Mating in D. hominis begins with "pouncing" displays performed by a male in response to sexual readiness in a female, which is indicated by the protraction of the latter's abdomen or pseudovipositor. Copulation is normally contingent upon female receptiveness; in other words, females seem to exhibit behavior suggestive of mate choice. Laboratory experimentation has revealed that males can pair with multiple mates in the average ratio of 1 male to 2.8 females. Perhaps due to the polygynous mating system, competition among males has been observed in the form of "pouncing" disturbances directed at copulating pairs. Copulation terminates after about 9 minutes.
Mating System: polygynous
Dermatobia hominis exhibit a homometabolous life-cycle. Being non-feeding and having a short adult life span (3-4 days in the laboratory), this stage in the life-cycle of D. hominis is allocated primarily towards reproductive efforts. Females lay 800 to 1,000 eggs.
Unique from other bot-fly species, which lay their eggs directly on the host or in the host's environment, is the peculiar egg dispersal strategy exhibited by females of the human bot fly; this process involves the use of porters (i.e., paratenic hosts) as vectors for transporting eggs onto the bodies of the vertebrate hosts. Under this strategy, a female captures a porter and glues her eggs onto one side of its abdomen using a water-insoluble glue, after which the porter is released without being harmed. Being sensitive to a sudden rise in temperature, the eggs instantly hatch upon contact with the warm-blooded body of a definitive host as the porter lands onto it, usually to feed on blood. Within 5-10 minutes, the larvae bore their way into the definitive host's body, often via the wounds inflicted by the porter's feeding, and establish themselves in the subcutaneous layer. Forty-eight species of flies--of which about half are mosquitoes--and a tick are reported to be involved in this paratenic relationship with female D. hominis. Porter species are often zoophilous, diurnal, moderate in size, and not too active. Potential advantages of this egg dispersal strategy include the protection of eggs from the elements and egg-parasitism, the prevention of egg loss from host grooming, and the adaptive allocation of energy in reproductive efforts.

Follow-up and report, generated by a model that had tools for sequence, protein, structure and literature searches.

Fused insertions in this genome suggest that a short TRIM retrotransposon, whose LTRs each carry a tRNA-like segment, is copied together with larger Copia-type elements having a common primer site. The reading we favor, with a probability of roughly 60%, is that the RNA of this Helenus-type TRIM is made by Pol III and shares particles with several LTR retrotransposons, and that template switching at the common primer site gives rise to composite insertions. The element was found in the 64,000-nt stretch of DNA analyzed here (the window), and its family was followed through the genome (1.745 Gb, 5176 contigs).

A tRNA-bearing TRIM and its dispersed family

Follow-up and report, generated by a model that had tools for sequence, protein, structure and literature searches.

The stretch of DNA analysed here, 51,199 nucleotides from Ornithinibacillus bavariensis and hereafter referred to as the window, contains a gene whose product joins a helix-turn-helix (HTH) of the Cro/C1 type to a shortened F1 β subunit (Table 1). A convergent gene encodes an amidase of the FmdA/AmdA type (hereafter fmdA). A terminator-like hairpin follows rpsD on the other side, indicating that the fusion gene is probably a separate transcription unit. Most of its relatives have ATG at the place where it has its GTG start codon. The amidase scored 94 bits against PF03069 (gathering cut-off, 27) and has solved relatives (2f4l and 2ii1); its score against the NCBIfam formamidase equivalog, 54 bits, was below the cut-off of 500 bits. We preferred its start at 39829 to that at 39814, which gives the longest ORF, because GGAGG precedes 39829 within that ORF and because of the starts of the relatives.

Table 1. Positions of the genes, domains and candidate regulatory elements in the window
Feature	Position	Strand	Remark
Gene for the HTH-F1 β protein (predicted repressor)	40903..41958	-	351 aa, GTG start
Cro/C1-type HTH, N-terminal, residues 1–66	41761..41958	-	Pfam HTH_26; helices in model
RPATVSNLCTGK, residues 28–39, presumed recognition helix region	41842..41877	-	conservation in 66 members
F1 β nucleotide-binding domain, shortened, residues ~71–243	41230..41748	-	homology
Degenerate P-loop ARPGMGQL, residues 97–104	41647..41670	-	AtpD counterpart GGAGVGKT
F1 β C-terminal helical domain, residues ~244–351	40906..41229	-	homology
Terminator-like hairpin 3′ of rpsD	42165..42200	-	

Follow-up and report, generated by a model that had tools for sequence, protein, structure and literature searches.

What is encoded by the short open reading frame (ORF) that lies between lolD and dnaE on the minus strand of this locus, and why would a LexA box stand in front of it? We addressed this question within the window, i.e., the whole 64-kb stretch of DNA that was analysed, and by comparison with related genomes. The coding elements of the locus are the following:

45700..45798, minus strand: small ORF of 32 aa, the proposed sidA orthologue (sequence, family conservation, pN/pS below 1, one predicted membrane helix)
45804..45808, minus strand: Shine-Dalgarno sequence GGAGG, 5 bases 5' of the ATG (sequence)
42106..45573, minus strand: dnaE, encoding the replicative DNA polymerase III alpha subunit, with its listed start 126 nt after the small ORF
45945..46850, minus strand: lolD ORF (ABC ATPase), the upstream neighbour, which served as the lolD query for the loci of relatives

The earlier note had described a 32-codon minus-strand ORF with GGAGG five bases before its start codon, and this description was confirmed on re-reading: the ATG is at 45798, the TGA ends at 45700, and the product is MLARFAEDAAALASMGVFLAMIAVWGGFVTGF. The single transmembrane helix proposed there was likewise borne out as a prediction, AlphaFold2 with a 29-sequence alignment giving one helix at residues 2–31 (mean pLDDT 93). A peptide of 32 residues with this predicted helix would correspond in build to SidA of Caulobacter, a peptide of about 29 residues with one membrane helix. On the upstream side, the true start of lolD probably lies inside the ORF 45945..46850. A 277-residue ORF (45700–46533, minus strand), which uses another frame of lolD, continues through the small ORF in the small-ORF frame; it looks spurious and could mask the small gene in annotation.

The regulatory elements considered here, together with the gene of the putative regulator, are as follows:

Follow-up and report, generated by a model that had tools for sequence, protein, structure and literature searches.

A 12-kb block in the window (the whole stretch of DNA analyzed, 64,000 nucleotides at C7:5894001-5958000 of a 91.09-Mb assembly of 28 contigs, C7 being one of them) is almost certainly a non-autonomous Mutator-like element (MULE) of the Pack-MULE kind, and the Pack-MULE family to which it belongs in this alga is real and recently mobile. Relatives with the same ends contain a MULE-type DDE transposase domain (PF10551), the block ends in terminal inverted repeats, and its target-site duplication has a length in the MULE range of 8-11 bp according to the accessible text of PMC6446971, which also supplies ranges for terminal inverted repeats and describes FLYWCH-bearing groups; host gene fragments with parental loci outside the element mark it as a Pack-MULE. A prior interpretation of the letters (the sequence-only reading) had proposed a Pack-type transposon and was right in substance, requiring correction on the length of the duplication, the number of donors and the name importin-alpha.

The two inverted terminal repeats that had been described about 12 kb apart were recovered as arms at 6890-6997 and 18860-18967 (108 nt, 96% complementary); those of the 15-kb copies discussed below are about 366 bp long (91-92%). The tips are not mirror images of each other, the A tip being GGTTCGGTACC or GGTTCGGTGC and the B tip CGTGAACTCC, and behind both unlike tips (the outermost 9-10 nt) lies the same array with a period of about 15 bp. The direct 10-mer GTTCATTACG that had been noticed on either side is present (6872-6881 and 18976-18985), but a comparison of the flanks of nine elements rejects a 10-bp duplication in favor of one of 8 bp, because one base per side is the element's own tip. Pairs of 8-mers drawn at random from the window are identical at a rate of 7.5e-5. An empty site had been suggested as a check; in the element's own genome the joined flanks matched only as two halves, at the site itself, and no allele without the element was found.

Range eggs per season: 800 to 1000.
Key Reproductive Features: semelparous ; sexual ; fertilization (Internal ); oviparous
- Bangsgaard, R., H. Bengt, E. Krogh, S. Heegaard. 2000. Palpebral myiasis in a Danish traveler caused by the human bot-fly (Dermatobia hominis). Acta Ophthalmologica Scandinavia, 78: 487-489.
- Catts, E. 1982. Biology of the New World Bot Flies: Cuterebridae. Annual Review of Entomology, 27: 313-338.
- Curran, C. 1939. The Human Bot Fly--How did this extraordinary insect develop the habit of forcing a mosquito to deposit its eggs for it?. Natural History, June: 45-48.
- Roberts, L., J. Janovy, Jr.. 2000. Gerald D. Schmidt & Larry S. Robert's Foundations of Parasitology, Sixth Edition. Boston: McGraw-Hill.
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